This study backs up my long-term practice of counseling clients in this population to not bring up their disabilities until it is absolutely necessary. For those with visible disabilities, especially those requiring some form of assistive device, this is typically during the face-to-face interview (occasionally, it may be the phone interview for those who use TTY or assistive speech). For those with invisible disabilities, it's best not to disclose--if possible--until after your benefits are in effect. I give this advice based on actual experiences of people I know, not just on research and impersonal anecdotes, and have even done experiments myself to gauge responsiveness whose results mirror the findings of the study I cited.
It's common to feel self-conscious about a disability, especially when it's recently acquired. A healthier approach, though, and one that's more likely to land you a job, is to try to view your disability just like you would your eye color, shoe size, or the existence of freckles on your nose and be just as unlikely to proactively mention it to potential employers.
The journey toward a better job or career advancement begins with a better resume. For help with yours--whether you have a disability or not--contact Melissa Kelley CPRW today at 720-588-9793 or email@example.com. Book a free 15-minute consultation here.
The short answer: Yes, definitely!
I've have had clients who, during their strategic interviews, mentioned military backgrounds and/or current military service, yet their current resumes omitted it. Invariably, the clients expressed concern that putting their military service on their resumes would hurt their job prospects. You should absolutely be including this on your resume!
In the eyes of professional hiring managers, military experience represents valuable job-related--and often leadership--skills that can be applied to nearly any civilian position. Not only that, most companies receive a variety of incentives for hiring and retaining those who are actively serving as well as veterans, and the law protects active duty service members and veterans from discrimination both on the job and in hiring practices.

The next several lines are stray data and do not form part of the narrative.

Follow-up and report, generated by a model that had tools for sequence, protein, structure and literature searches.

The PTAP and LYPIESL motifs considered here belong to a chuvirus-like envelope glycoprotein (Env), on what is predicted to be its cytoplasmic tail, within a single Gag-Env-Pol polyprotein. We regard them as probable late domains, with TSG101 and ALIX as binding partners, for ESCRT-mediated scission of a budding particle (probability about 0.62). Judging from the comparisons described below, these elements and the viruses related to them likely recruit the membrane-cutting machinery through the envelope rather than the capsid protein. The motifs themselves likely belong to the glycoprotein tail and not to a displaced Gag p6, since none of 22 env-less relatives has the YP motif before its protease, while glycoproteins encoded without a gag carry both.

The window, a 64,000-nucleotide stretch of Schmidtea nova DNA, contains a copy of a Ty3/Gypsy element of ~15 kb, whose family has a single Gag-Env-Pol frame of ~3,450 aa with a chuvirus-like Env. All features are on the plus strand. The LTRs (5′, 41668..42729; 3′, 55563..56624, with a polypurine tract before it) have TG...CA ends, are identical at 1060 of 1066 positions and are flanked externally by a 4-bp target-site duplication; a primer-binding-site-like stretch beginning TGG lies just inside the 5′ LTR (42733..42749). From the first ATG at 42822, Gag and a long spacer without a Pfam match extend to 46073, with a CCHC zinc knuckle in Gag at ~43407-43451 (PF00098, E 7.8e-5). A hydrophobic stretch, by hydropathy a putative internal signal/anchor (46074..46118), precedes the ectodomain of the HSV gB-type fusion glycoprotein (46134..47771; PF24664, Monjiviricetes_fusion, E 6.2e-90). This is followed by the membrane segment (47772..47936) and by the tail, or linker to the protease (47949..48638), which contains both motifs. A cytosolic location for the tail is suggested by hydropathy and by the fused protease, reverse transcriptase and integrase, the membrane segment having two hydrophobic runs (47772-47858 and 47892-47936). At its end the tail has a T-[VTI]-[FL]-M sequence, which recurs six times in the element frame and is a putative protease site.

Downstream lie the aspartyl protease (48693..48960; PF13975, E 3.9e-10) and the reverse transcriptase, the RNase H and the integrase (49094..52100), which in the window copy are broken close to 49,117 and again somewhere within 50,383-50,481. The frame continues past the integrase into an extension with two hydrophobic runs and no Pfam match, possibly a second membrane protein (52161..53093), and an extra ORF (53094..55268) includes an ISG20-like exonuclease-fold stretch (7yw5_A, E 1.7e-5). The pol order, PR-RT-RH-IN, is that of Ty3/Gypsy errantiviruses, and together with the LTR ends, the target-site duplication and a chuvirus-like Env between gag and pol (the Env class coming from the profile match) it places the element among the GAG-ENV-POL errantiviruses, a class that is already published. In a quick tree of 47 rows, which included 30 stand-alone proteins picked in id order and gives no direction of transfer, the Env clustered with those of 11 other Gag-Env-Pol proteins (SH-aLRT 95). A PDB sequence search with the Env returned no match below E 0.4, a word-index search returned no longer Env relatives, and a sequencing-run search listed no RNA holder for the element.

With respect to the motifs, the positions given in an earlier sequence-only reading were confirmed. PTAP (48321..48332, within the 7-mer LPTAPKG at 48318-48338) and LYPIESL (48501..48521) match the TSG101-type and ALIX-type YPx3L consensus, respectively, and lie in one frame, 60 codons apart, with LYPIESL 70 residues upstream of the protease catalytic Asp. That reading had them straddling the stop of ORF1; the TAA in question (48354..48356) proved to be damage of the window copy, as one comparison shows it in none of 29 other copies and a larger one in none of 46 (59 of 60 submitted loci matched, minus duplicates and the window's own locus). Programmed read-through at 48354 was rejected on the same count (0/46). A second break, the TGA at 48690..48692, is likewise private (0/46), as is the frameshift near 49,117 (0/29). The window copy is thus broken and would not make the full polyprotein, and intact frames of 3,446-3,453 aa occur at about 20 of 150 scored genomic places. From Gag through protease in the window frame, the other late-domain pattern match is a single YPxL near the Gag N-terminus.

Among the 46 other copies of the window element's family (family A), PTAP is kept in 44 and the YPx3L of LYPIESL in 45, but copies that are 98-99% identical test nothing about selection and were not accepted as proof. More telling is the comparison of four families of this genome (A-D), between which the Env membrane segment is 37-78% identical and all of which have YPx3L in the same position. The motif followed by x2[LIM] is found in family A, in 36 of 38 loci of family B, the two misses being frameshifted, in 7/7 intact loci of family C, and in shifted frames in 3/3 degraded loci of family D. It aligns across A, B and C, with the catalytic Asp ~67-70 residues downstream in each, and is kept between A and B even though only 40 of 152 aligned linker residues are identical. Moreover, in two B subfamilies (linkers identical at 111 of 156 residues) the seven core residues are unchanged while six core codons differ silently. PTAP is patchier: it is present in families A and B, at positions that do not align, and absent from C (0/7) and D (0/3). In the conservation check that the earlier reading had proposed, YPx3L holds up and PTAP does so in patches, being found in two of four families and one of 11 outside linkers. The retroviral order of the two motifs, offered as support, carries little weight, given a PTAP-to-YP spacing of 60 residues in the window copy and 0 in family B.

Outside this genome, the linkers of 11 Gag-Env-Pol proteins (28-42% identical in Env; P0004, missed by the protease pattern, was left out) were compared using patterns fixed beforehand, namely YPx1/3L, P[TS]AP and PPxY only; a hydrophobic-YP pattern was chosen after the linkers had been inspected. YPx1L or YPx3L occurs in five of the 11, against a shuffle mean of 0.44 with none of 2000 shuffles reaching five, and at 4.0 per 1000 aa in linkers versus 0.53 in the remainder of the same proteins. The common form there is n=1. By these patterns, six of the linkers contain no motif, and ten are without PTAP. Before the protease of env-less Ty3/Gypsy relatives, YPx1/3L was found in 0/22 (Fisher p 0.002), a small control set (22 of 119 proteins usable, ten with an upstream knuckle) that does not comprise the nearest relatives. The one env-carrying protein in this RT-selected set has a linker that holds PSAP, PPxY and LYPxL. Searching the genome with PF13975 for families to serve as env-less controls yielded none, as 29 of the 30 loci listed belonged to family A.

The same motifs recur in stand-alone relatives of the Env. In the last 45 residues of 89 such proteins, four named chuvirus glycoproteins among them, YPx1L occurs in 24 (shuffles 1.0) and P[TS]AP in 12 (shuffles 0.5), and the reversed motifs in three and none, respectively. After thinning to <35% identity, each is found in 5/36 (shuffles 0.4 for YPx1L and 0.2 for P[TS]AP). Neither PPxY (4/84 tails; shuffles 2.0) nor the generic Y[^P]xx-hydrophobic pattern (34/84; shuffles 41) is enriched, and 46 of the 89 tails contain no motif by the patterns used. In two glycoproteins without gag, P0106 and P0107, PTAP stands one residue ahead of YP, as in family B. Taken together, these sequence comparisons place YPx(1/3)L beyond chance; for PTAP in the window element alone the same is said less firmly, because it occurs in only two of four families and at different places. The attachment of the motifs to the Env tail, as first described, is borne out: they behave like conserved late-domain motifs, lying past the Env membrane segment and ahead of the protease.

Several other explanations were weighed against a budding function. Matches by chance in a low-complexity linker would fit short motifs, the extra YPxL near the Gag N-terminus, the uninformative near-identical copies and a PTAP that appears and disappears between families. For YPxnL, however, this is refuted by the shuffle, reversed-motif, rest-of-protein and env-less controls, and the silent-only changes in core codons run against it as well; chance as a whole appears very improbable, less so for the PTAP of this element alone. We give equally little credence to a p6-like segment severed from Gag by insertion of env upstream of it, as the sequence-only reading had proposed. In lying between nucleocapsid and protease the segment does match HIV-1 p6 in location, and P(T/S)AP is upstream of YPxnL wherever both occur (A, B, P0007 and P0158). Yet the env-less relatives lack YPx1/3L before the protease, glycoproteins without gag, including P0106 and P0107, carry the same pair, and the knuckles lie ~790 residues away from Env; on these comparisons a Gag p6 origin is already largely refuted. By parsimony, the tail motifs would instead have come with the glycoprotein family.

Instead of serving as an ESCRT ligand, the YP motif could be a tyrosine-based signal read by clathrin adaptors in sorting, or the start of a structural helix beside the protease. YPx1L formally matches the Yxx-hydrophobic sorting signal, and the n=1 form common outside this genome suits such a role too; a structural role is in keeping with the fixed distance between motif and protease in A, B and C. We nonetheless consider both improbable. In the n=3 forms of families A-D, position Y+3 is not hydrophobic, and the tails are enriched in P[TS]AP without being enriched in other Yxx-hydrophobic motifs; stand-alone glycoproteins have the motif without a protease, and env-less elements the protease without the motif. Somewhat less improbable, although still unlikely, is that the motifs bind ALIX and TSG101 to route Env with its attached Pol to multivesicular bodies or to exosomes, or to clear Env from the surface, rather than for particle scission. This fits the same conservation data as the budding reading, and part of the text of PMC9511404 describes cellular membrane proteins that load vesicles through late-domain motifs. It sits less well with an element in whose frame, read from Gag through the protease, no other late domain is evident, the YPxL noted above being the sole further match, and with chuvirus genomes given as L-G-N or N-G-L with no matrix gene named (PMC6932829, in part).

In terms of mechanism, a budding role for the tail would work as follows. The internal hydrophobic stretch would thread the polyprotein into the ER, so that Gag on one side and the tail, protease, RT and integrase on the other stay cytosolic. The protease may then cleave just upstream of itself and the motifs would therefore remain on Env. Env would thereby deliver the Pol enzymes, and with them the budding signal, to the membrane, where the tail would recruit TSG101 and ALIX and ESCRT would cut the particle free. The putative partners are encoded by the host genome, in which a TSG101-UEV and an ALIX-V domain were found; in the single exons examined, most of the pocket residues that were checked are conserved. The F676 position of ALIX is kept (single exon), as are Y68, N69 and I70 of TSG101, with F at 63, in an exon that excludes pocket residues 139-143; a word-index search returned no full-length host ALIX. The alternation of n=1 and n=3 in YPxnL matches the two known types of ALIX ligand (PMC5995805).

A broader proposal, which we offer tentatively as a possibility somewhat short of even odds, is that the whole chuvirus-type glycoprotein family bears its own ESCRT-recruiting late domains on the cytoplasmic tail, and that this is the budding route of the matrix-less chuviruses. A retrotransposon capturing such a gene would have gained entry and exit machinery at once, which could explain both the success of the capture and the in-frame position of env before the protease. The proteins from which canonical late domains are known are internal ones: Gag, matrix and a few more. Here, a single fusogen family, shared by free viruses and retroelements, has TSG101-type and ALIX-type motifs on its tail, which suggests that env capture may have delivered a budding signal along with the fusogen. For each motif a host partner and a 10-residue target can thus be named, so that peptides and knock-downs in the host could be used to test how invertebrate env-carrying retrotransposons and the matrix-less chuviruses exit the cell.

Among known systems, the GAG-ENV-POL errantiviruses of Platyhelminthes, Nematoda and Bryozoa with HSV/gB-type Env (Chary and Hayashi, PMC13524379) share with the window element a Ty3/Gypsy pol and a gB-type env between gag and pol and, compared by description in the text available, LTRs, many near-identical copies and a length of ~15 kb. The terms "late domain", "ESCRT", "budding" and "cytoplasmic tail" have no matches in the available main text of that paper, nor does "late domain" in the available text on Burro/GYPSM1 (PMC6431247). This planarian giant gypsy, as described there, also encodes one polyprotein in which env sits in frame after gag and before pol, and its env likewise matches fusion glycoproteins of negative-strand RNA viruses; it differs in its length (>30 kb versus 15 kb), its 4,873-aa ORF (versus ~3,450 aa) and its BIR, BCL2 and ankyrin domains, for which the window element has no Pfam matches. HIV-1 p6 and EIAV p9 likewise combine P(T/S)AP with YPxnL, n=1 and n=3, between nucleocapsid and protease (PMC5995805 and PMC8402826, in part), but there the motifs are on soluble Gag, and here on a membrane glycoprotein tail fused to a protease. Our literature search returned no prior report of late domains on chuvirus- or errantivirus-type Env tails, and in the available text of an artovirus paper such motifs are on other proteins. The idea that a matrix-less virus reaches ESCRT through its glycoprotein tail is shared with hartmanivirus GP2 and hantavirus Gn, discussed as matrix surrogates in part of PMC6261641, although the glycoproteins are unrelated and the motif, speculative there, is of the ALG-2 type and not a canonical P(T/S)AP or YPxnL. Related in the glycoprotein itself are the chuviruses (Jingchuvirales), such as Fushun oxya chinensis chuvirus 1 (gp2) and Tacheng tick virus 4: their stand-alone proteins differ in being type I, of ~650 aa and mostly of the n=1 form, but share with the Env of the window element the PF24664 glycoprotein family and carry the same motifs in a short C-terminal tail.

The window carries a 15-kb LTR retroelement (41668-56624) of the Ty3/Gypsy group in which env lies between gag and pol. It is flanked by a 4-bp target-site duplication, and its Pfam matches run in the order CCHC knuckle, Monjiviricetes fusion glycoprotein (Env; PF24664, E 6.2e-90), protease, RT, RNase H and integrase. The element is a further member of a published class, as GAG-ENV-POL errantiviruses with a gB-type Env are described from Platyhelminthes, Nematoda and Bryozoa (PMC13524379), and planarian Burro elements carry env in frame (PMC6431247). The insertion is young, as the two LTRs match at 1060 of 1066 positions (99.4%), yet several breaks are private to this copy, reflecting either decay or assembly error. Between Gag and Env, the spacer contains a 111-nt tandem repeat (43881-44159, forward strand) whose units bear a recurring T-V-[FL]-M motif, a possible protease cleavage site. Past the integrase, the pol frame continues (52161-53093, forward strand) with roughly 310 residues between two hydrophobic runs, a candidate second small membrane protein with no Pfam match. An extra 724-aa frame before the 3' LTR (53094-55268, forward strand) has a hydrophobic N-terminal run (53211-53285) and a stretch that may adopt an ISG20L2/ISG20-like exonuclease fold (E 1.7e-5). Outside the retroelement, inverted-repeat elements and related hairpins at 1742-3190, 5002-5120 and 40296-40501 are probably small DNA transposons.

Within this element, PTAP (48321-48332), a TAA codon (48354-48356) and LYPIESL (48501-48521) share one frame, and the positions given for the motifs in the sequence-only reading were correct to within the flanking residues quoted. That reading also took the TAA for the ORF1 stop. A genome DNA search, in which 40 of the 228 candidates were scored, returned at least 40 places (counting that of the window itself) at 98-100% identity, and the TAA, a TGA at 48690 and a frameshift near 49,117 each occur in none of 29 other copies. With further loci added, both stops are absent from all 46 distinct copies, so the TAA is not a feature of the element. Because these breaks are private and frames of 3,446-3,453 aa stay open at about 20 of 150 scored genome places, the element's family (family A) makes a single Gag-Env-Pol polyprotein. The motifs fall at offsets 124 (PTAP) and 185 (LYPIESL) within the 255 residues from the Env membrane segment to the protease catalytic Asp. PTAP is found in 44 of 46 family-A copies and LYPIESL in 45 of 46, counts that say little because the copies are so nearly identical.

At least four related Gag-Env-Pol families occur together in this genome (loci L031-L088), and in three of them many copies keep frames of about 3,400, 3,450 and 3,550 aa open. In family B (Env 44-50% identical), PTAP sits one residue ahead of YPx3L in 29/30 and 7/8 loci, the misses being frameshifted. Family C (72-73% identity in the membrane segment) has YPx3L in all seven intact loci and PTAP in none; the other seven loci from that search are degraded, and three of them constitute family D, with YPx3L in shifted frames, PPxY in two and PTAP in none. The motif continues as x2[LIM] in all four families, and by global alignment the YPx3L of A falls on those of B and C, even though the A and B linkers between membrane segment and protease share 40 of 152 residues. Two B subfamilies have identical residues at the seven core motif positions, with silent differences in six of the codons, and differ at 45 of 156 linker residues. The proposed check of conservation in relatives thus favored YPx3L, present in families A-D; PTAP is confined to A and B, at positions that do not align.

So, don't hesitate to ask your resume writer to put your military experience on your resume, whether it be in your detailed work history or as some type of summary, such as relevant experience or as a career note. A professional, credentialed writer will know how to best present it on your behalf.
At Kelley Resumes & Wordsmithing, we're grateful for your service and back it up with a discount for veterans and active duty military. Get your free, no-obligation consultation now.
Melissa Kelley CPRW has more than 25 years' editing and writing experience, as well as a background in automotive purchasing and secondary education (English/social studies/French); she has specifically been writing resumes since 2006. Her motivation to write resumes began when a relative went nearly six months without a response to his resume, all due to a simple misspelling that Microsoft Word didn't flag as a spelling error. Within six weeks after Melissa provided a simple copyedit to his resume, her relative had a new job.